Blackberry Is Back, But Have We Learned To Live Without The Smartphone Keyboard?

This week, a new smartphone brandishing the Blackberry name was unveiled at Mobile World Congress. By all accounts, it looks and feels just like an old Blackberry, albeit running Android in lieu of BlackberryOS.

The iPhone and Android generation has grown up with onscreen keyboards, but do old-school smartphone users still pine for their old Blackberry's physical keyboard?

Ten years ago, before Apple and Android devices stole the show, RIM's Blackberry was the go-to phone for people who needed to stay productive on the road. They weren't only for business executives, Blackberrys even became fashionable amongst the young starlets of the day who wanted to fire off messages without using the painfully cumbersome T9 predictive text which lets you type on a ten-digit keypad.

Blackberry's domination as a portable productivity tool was occasionally challenged by other smartphones with a tiny physical QWERTY keyboard, such as the Palm Treo, HP iPaq Mobile Messenger, Nokia E61 or – my smartphone of choice at the time – a chunky iMate JasJam running Windows Mobile.

While the JasJam was a touchscreen device, you could turn the phone sideways and slide the screen up with your thumbs to reveal a physical keyboard – a godsend for wordsmiths on the go.

The 3G-capable JasJam was one of Australia's hottest phones of 2007, I think the first to support Telstra's new 850 MHz 3G network. I wore my JasJam clipped to my belt like a pager, along with an onion, which was the style at the time. I got good at bashing out text messages and even short articles on the JasJam's tiny keyboard, especially when flying cattle class where limited elbow room made it impractical to use my IBM ThinkPad.

When the iPhone first arrived on the scene it turned heads but was shunned as a productivity tool, largely because it relied on a touchscreen virtual keyboard which was smaller than most smartphone keyboards.

Worse yet, the iPhone's onscreen keyboard lacked that tactile feedback of a physical keyboard which many typists value. Real buttons which you can feel let you type more quickly and accurately because there's less chance of accidentally hitting the wrong key and then needing to fight with auto-correct.

As usual, Steve Jobs took an Apple-knows-best approach and stuck to his guns, refusing to release an iPhone with a physical keyboard despite the pleas of Crackberry users and travelling wordsmiths who were tempted by Apple's slick iOS.

I was determined to stick with my clunky JasJam until I spent time with an iPhone 2G, imported from the US before Apple's new wunderphone was available in Australia. The revolutionary interface and highly responsive touchscreen were such a breath of fresh air that I soon decided to abandon my faithful JasJam and import an iPhone 2G of my own, which I then needed to jailbreak before it would work in Australia.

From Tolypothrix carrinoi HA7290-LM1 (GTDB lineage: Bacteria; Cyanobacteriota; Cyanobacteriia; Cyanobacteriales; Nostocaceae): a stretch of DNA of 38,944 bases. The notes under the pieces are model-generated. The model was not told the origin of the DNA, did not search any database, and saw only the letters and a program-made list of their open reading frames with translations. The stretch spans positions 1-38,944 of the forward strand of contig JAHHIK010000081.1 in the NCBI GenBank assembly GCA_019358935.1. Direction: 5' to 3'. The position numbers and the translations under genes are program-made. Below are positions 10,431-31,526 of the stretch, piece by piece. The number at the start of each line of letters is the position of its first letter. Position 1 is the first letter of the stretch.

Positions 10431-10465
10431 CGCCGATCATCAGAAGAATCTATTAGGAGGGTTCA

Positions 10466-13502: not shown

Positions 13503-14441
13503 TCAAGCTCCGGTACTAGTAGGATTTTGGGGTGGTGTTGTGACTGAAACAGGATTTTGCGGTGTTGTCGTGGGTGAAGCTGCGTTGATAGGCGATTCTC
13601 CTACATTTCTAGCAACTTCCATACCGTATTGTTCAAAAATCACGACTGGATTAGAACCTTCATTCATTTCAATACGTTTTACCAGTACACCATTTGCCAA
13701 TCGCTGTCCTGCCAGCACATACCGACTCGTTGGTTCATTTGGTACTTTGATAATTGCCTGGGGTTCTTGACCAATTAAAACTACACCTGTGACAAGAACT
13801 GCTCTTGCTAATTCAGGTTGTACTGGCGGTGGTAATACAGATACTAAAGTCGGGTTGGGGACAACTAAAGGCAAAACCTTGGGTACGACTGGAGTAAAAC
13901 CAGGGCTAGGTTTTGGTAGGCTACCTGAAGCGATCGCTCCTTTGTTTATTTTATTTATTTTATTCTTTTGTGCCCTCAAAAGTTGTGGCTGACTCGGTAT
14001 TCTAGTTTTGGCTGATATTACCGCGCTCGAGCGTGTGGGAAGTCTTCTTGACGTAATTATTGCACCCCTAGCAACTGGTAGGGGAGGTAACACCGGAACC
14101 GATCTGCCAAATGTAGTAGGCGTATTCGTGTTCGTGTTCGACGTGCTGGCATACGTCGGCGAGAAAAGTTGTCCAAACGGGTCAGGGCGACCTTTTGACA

Had there been the option of an iPhone with a built-in keyboard I would have gladly paid extra, but Apple refused to cave in and Android followed suit. Over time I've come to terms with the loss of the physical keyboard, as have most other smartphone users – otherwise third-party keyboard covers for iOS and Android smartphones would have taken off, as they have for tablets.

Ten years later we've seen a Blackberry revival at Mobile World Congress in Barcelona, albeit from a different manufacturer and now running Android rather than BlackberryOS. Blackberry is no longer cool, except perhaps in the retro way that the Nokia 3310 revival is cool, but Blackberry is still a trusted name in business circles.

Considering that it runs Android, it's the physical keyboard which will help the new Blackberry stand out from the crowd. If you don't care about the keyboard then the Blackberry might look like just another also-ran in the cut throat Android market but, in Blackberry's defence, it's also aiming to offer business-grade security features.

The big question is, are there enough closet keyboard junkies who are still pining for a Blackberry-style phone? If they're not happy with an onscreen keyboard they've probably embraced the new generation of portable devices such as tablets, Ultrabooks and 2-in-1 devices.

Is the new Blackberry the smartphone you've been waiting for?

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This article originally appeared in Digital Life, The Sydney Morning Herald's home for everything technology. Follow Digital Life on Facebook and Twitter.


Comments

    I love a physical keyboard! But a horizontal flipout when you need it makes much more sense to me. The moment they do that, I'll ditch any other device for a keyboard.

    Oh God the imate jasjam. That brings back memories, was my first smart phone, and still to this day I have a love. Of physical keyboards, my favourite two phones was the htc touch dual 850 with its half qwerty keyboard. Instead of a full qwerty or a t9, and the htc desire Z, still dunno why the slider died it was perfect, candy bar layout for quick messages, and full qwerty with symbols and number row for more detailed typing. It was a master piece that was ruined by a subpar battery even back then, and a gimped version of the 1ghz dragon CPU that featured in the htc nexus/desire

      I also had the HTC Touch Dual 850 and the HTC Desire Z. Both great keyboards, but I have to say my favourite was the Palm Pre. I had both the original Pre and the Pre 3 and both keyboards were perfection.

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